Worcester Historical Museum

Inside of Industry
In the 1940s, local radio station WTAG broadcast a weekly program called "Inside of Industry." It was intended both to highlight local businesses and their contributions to the country's effort in World War II, and to promote the free enterprise system. In 1941 the program featured Henry St. Pierre, who invented an improved gripping chain for tires and launched a successful forging company that is still in business.

Excerpts from the February 16, 1941 broadcast of "Inside of Industry"...

ANNOUNCER: INSIDE OF INDUSTRY. Interesting, human and dramatic glimpses behind the many factory walls of Worcester. Your roving reporters, Holly Wright and Gil Hodges, ready to give you the highlights and the low-down . . . take you now . . . INSIDE OF INDUSTRY.

HODGES: [This is a] story about a man who went in business for himself because he got stuck in the mud.

WRIGHT: Henry St. Pierre, raised on a Vermont farm, was no booster of the country roads. But who was in those days? Driving his father's car to and from the village was something of a time waster. Well, the driving part wasn't, but the hours of pushing and hauling in the thick mud definitely were. . . . St. Pierre found an answer for [this] . . . by inventing an improved gripping chain for tires. It worked so well, he knew he had something. . . . [so he] decided to go into the business of making them after he got a patent on his brainchild.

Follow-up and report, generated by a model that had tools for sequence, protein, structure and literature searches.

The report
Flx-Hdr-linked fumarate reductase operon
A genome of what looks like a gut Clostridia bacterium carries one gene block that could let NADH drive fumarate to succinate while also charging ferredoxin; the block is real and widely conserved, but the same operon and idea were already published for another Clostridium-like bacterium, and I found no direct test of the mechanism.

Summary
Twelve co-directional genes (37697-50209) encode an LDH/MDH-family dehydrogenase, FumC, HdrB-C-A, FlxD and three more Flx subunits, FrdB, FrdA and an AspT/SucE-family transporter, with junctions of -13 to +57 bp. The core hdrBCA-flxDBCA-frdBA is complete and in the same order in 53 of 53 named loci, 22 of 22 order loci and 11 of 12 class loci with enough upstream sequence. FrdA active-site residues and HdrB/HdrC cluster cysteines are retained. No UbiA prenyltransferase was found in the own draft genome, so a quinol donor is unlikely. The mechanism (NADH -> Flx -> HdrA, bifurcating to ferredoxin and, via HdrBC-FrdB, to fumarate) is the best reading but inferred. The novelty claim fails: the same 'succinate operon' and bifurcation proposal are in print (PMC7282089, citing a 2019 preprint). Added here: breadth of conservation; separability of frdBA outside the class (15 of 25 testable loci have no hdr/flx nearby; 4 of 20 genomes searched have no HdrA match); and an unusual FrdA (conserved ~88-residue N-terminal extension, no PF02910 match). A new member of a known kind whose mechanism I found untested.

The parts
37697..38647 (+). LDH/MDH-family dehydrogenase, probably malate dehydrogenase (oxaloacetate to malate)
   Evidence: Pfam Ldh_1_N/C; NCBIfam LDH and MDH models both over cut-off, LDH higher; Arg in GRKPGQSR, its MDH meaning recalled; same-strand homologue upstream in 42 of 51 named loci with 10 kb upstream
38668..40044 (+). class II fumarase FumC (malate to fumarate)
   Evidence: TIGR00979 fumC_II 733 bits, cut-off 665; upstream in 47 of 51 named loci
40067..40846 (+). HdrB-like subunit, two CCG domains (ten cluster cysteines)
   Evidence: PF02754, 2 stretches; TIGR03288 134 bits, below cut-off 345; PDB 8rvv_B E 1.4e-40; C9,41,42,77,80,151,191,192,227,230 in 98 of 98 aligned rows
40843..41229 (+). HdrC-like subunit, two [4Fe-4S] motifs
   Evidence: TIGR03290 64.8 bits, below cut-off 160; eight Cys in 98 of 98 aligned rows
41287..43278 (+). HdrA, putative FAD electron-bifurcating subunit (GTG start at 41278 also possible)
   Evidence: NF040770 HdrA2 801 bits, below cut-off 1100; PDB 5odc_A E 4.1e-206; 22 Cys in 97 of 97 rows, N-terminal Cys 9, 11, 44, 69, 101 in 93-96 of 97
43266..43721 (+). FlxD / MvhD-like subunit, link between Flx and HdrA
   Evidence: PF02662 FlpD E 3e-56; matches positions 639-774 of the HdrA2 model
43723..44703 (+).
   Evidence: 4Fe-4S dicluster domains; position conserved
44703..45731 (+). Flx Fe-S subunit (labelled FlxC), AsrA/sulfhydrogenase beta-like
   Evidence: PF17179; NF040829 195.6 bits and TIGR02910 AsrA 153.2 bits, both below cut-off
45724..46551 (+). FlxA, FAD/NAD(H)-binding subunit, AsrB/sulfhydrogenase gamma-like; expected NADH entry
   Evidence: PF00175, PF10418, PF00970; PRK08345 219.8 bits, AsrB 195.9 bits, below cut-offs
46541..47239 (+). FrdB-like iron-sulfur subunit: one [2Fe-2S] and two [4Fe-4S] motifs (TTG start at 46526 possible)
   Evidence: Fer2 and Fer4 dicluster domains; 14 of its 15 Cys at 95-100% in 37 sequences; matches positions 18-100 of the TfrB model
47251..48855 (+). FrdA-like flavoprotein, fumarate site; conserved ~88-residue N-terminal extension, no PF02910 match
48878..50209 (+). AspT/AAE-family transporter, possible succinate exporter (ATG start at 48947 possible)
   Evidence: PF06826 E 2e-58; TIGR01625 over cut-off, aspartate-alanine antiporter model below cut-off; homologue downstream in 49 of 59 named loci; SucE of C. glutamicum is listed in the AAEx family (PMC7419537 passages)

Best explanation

HODGES: But the war came along to change plans for his immediate future. . . . When it was over, First Lieutenant Henry St. Pierre went back to civilian life with definite plans. . . . to build better chains and to sell them.

WRIGHT: Searching round for a location, St. Pierre decided that Worcester was the place for him. The main reason was that here was the diversity of industry he needed. Here were the forge shops and stamping companies where he could have parts made.

HODGES: In a small shop on Hermon Street he set to work assembling those parts. There were many headaches, but the business grew, until . . . [he] needed more space. . .

WRIGHT: [He] found room in a building of the Rogerts Drop Forging Company . . . . [Later] the St. Pierre Chain Corporation bought the plant. Putting the drop forge hammers to work, [the company] did job forging and added lines of automotive tools, such as pliers, grease bars, tire irons. . . . [Then] Mr. St. Pierre, recalling a favorite Vermont sport, had a bright idea. Why not [make] pitching horseshoes of standard size, shape, and weight? His company became the largest producer of pitching horseshoes in the world, and standardized the game with official horseshoes.

HODGES: And today, the St. Pierre Chain Corporation has grown into a thriving organization of more than two hundred workers. All from a good idea, and the determination of one man to make good. When peace comes there'll be alot of fellow likes young St. Pierre fired with ambition to start out on their own. Let's be sure that opportunity is open to them. For out of the efforts of men like Henry St. Pierre will come the jobs [and] the better living conditions of the future.

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